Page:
Wednesday, June 23, 2010

Jason and the Argonauts

Historians have long wondered about the origin of the golden fleece myth. One theory suggests it might have had something to do with the large amount of gold found in the rivers of the Caucasus Mountains (site of Colchis), where people panned for it with the help of sheepskins, according to the historian Appian. Others say that the myth of the Argonauts refers to the colonization of the Black Sea region by the Greeks in the 13th century B.C.

Along with the Trojan War, the story of Jason and the Argonauts is one of the greatest Greek myths. Jason, prince of Thessaly, had to retrieve the golden fleece of a sacred ram to win back the throne of his father. He assembled a group of heroes and sailed with the Argo to Colchis. Heracles, Orpheus, Polydeuces, Castor, and Atalanta were among the crew. The myth of Jason is intimately connected with the myth of Medea

Prince Jason of Thessaly was deprived of his birthright by his uncle, Pelias. After being raised by the centaur Chiron, Jason returned to Thessaly, determined to reclaim his father's throne. Pelias agreed to return the throne if Jason brought him the golden fleece of a sacred winged ram hanging in Ares' grove in Colchis. Jason and a crew of heroes set off on the Argo, the first Greek longship, built with the help of Athena.

After many adventures on the way, the Argonauts reached Colchis. King Æetes was willing to give up the golden fleece only if Jason completed a series of impossible tasks. With the help of Æetes ' daughter Medea, who was skilled in magic, Jason finished the tasks. However, when Æetes refused to give him the golden fleece, Jason stole it and fled, taking Medea with him. Ultimately, he did not ascend the throne of Thessaly as he was unfavored by the gods. This was because of the murder of Medea's brother Apsyrtus, by which he became "impure" in their eyes.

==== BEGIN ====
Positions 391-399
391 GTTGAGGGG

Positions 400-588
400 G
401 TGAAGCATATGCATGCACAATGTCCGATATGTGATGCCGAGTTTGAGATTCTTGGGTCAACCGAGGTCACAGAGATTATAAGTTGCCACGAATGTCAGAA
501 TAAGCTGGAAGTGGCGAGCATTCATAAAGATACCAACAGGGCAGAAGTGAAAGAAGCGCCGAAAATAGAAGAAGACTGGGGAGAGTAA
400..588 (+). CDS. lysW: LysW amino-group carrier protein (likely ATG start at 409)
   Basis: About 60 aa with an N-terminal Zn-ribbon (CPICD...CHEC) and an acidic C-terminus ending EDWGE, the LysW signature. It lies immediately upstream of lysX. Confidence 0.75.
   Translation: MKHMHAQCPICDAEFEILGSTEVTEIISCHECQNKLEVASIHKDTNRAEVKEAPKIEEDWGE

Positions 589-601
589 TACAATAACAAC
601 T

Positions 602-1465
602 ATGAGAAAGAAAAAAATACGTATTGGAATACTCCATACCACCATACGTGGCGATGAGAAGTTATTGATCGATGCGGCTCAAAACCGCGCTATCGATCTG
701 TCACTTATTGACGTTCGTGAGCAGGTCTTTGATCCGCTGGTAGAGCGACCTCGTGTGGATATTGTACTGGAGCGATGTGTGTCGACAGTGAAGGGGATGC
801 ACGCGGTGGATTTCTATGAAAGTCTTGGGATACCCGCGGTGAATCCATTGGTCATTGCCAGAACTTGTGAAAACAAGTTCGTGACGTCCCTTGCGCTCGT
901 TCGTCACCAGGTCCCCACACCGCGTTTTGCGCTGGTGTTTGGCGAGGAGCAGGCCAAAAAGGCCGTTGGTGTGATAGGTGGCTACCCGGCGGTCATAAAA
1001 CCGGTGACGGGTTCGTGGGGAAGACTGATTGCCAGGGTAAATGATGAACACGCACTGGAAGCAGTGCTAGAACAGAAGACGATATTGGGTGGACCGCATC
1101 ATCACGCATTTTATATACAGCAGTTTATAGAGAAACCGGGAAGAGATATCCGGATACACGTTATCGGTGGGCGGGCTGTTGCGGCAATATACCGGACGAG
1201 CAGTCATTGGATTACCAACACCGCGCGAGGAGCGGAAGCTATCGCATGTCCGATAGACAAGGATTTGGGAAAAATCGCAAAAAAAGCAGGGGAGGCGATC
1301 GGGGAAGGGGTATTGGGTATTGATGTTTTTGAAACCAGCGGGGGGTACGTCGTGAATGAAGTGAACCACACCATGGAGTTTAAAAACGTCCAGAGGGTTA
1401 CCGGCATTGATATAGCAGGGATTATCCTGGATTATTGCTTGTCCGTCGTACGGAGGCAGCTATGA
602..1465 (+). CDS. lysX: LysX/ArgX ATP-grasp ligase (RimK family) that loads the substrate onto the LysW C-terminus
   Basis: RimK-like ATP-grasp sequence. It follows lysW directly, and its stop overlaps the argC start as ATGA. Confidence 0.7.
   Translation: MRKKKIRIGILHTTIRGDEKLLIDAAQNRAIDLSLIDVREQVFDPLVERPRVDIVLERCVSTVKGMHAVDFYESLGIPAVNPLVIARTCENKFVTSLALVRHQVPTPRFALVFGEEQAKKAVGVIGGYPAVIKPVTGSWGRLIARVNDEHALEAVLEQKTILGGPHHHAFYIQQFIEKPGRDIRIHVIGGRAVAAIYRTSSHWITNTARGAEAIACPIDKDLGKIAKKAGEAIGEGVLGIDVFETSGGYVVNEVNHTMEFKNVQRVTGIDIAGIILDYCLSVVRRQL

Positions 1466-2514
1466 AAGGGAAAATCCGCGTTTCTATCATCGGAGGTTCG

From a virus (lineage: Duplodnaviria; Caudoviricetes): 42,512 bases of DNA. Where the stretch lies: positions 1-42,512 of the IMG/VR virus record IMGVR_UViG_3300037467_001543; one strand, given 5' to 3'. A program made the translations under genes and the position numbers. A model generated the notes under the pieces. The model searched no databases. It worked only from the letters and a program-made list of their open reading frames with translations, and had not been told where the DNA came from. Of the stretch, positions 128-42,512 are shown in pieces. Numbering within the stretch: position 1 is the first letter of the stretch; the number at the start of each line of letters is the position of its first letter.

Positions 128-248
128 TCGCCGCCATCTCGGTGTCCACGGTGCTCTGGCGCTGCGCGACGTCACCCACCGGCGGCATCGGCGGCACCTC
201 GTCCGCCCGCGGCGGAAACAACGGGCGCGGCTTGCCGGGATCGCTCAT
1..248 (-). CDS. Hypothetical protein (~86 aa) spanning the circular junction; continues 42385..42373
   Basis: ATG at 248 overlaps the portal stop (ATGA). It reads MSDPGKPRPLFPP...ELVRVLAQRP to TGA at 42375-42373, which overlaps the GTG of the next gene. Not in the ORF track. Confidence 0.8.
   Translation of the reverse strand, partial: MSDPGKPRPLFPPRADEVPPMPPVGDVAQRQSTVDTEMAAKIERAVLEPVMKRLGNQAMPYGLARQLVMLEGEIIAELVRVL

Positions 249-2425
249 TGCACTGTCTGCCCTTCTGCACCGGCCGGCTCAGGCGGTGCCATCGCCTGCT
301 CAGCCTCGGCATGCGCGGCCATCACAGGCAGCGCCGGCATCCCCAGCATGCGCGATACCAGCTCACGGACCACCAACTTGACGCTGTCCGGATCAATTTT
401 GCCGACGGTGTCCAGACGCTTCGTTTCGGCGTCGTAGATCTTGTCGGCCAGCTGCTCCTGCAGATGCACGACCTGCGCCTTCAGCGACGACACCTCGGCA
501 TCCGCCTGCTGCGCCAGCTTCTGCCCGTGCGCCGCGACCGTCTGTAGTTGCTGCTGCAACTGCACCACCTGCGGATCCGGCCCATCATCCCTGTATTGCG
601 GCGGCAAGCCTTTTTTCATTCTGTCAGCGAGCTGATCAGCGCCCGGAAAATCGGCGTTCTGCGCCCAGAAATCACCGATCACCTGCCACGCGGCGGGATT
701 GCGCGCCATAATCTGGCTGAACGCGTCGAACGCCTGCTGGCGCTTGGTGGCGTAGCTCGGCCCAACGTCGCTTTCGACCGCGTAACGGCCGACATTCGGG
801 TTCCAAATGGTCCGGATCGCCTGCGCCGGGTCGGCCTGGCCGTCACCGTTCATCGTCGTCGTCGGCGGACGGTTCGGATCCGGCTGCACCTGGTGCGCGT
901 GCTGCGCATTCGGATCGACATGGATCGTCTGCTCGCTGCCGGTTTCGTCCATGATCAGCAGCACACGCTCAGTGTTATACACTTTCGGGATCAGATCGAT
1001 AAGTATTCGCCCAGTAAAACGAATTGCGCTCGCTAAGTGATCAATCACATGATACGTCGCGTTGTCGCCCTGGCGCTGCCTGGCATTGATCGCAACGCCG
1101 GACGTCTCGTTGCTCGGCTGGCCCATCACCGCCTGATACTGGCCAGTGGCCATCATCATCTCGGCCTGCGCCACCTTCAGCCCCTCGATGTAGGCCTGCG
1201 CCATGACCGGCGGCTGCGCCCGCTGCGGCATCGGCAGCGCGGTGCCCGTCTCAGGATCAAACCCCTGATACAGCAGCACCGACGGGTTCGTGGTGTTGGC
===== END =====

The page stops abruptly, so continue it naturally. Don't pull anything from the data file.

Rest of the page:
The myth of Jason has been told in various forms. The only complete version is preserved in the Argonautica of Apollonius of Rhodes.

Women of Lemnos
En route to Colchis, the Argonauts stopped at the island of Lemnos. Aphrodite had cursed the island not long before by planting rumors in the women's heads that their husbands, who were returning from war, had brought home their slave girls as mistresses. ln a jealous rage, the women slaughtered all the men. With no men left to procreate with, they were facing extinction. Thus, the Argonauts were given such a warm and lusty reception by the women that they stayed. After a long time, Heracles, who had guarded the ship, reproached Jason and his crew. They returned and the Argo sailed on, filled with wine and provisions from their grateful hostesses.

The Robbery of the Golden Fleece
When the Argonauts arrived at Colchis, King Æetes said he would give Jason the golden fleece if he could harness two fire-breathing bulls, sow dragon's teeth, and slay the warriors born from those teeth. Medea, Æetes ' daughter and a priestess of Hecate, fell in love with Jason and helped him accomplish his tasks. When Æetes refused to hand over the fleece, Medea helped Jason steal it by using her knowledge of potions to make the dragon guarding the fleece fall asleep. Then Medea murdered and dismembered her brother, Apsyrtus, to keep the Colchians from pursuing them.

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